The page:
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The Last Blackjack Strategy Guide You Will Ever Need
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Whether you’re a blackjack newbie or are looking for a few pointers, this comprehensive guide includes game basics and strategies for winning.
Blackjack is one of the most popular casino games in the world, and for a good reason. It’s fast-paced and fun but also a fairly simple card game, so just about anyone can play it. All you have to do is bring the value of your hand closer to 21 – without going over – than the dealer.
With a little bit of skill, you can win big, too. Even without a betting strategy, it’s one of the casino games with the best chances of winning. In addition to the low house edge (less than 1%), you’re also only playing against the dealer rather than against other players.
If you’re a blackjack newbie or are looking for a few pointers, keep reading this comprehensive guide. We’ll share everything you need to know about the game and the strategies that will keep you winning.
The History of Blackjack
There’s some debate about where blackjack, also known as “21,” originated. Some say the game was created by the Romans who used painted pieces of wood instead of playing cards. Others say it first appeared in French casinos around 1700 but was originally called “Vingt-et-Un,” which means 21.
French colonists brought the game to America in the 18th century, where its popularity spread. It was a favored game in Louisiana gambling halls. Centuries later, the game has evolved into blackjack, one of the most beloved card games in the world. The name change comes from a bonus payout in a later version of the game that’s offered when a black jack — a jack of spades or a jack of clubs — is dealt with the ace of spades. The name “blackjack” stuck, although these bonus payouts are no longer the norm.
Today, the game is played in casinos across the globe from Las Vegas to Monte Carlo. And with the rise in online casinos, blackjack’s popularity transfers over to the virtual world, as well.
How Do You Play Blackjack?
If you don't know how to play blackjack, it is not difficult to learn the game. At face value, blackjack has a pretty basic set of rules, although some versions of blackjack have different rules. Essentially, you’re playing against the dealer, and you want to beat their hand as you both try to get the value of your cards as close to 21 as possible without going over. Depending on where you’re playing, the game might be played as single-deck blackjack, with a standard 52-card pack, or played with a multiple number of decks. You’ll make your bet before cards are dealt for each hand.
Once bets are placed, the dealer will provide one card from the deck face up for each blackjack player, moving clockwise around the table. They deal themselves one face-up card last. They then deal each player a second face-up card before dealing themselves a face-down card (known as the “hole card”). So, on the table, each player has two face-up cards to start and the dealer has one face-up card and one face-down card.
Before gameplay starts, players need to check to see if they have a natural blackjack, which is a hand valued at 21 on the first deal — meaning you have an ace and a card worth 10 points, which is any face card or a 10 card. Any player with a natural blackjack will be paid out 1.5 times the amount they bet. If the dealer has a natural blackjack, you lose the hand, and if both you and the dealer have one, it’s a tie. You take back your chips and don’t win anything extra.
If nobody has a natural blackjack, the game begins. The dealer will start with the player to their left. As players attempt to bring the valuation of their hand to 21 (but not over), they need to determine if they’ll “stand” or “hit.” A stand means you don’t want to be dealt any additional cards. By asking the dealer for a hit, though, you’re requesting another card to bring up the value of your hand. If you go over 21, you have what’s called a “bust.” The dealer wins if you bust, if they have a hand valued higher than yours and not over 21, or if they have a natural blackjack from the outset and you don’t.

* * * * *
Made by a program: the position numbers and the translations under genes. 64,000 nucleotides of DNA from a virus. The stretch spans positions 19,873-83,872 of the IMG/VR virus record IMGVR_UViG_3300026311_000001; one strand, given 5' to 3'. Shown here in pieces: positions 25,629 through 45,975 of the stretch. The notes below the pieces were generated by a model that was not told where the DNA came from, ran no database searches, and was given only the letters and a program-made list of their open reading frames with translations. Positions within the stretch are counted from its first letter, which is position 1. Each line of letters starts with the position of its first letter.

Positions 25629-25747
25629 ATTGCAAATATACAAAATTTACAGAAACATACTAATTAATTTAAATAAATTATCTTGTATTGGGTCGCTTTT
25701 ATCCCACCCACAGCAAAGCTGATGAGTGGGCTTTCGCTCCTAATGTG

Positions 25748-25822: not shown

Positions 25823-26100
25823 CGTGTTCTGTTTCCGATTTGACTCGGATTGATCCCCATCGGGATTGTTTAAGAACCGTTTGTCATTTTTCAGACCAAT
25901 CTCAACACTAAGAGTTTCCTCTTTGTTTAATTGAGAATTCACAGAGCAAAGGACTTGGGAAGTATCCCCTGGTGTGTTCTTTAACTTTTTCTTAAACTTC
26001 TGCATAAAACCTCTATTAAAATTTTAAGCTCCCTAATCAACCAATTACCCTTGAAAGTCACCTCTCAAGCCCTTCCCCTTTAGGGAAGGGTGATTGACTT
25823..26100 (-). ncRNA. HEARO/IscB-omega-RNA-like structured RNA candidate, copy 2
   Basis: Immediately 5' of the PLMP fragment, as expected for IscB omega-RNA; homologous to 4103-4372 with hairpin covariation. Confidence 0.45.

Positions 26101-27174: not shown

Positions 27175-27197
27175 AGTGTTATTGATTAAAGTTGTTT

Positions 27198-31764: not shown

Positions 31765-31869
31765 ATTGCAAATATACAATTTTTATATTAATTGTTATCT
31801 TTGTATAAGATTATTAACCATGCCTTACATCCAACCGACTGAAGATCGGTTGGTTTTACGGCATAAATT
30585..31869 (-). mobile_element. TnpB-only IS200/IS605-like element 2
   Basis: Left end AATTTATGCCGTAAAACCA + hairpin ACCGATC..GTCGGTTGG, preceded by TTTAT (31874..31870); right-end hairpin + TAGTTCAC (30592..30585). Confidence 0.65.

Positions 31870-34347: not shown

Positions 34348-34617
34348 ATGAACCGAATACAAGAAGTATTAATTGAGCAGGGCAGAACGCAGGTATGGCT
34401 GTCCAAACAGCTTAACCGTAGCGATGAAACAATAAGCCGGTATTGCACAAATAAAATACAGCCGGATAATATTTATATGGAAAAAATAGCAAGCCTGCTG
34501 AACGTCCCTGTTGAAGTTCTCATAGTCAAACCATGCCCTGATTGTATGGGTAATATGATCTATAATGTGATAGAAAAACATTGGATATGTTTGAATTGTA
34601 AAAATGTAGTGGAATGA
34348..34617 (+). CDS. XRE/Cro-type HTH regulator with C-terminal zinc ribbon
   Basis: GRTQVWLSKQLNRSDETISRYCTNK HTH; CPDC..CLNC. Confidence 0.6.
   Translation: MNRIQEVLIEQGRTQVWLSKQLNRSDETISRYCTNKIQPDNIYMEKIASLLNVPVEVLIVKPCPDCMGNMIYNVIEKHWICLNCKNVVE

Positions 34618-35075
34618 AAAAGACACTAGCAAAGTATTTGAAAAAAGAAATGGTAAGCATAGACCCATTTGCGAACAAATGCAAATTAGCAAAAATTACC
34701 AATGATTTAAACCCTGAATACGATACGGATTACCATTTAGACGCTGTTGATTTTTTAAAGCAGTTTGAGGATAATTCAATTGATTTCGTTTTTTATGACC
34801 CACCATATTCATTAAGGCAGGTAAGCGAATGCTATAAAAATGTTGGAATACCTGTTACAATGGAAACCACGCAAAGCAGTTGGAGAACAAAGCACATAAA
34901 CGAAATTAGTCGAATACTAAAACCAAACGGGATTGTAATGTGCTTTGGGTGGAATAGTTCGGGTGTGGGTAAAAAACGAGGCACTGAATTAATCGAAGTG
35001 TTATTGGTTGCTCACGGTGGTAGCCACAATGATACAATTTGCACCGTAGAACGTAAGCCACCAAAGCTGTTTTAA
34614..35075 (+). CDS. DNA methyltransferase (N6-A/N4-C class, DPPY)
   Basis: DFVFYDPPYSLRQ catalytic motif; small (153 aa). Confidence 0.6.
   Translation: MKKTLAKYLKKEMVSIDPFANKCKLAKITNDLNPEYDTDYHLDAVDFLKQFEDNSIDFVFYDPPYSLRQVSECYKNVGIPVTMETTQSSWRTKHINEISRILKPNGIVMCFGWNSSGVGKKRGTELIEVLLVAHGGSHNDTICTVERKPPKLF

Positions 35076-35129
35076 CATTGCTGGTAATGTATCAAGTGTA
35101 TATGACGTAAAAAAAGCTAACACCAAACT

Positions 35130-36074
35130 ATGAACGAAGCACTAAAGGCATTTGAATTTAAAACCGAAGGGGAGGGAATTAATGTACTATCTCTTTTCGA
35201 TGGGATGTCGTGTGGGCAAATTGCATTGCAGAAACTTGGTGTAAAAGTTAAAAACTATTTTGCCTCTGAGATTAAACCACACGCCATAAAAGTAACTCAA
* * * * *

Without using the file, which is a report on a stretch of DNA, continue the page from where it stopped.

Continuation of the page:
As you try to reach 21, each card is assigned a different value. Cards 2 through 10 are worth what it says on each card (e.g., a 2 card is worth 2 points). Meanwhile, an ace is worth 1 or 11 points, which you get to determine as you play. All face cards — jack, queen, and king — are worth 10 points each.
After each player has played their hand, it’s the dealer’s turn. They turn over their face-down card and if they have 17 or higher, they are required to stand. For hands worth 16 points or less, they have to take cards until they hit at least 17.
What Are the Odds of Winning at Blackjack?
Blackjack has some of the best odds of winning among casino games, as it has a low house edge of less than 1% percent. This house edge, also known as the house advantage, is roughly the same whether you’re playing blackjack in person or online.
Remember, the goal of the game is to beat the dealer as you both try to build a hand up to or equal to 21. The dealer is just as likely to bust as you are. In fact, the odds of either of you busting is 33.15%.
As you build your blackjack hand, it’s also important to keep in mind the odds of building a high-valued hand without going over 21. You’re 14.61% likely to get a hand valued at 17, 13.87% likely to get an 18, 13.27% likely to get a 19, 18.12% likely to get a 20, and 6.99% likely to get a 21. These are among the most desirable hands in the game.
Useful Blackjack Strategies
Once you understand blackjack rules, you might want to take your gameplay to the next level. Here are a few tips and basic strategies to help you improve your game.
Know When to Hit and When to Stand
There’s an art to knowing when to hit and when to stand when playing blackjack. If you’re dealt cards that total 8, 9, or 10 — a number that increases the chances of you building a good hand close to 21 — you should hit.
If your hand totals 17, 19, or 20, you should stand. If you ask for a hit with this hand, you’re likely to bust, which is an automatic loss.
Consider the Dealer’s Up Card
The choices you make for your own hand will largely be determined by your dealer’s face-up card. If they’re dealt a good card (i.e., a 7, 8, 9, 10, face card, or an ace), you should continue hitting until you reach 17 or higher in your own hand.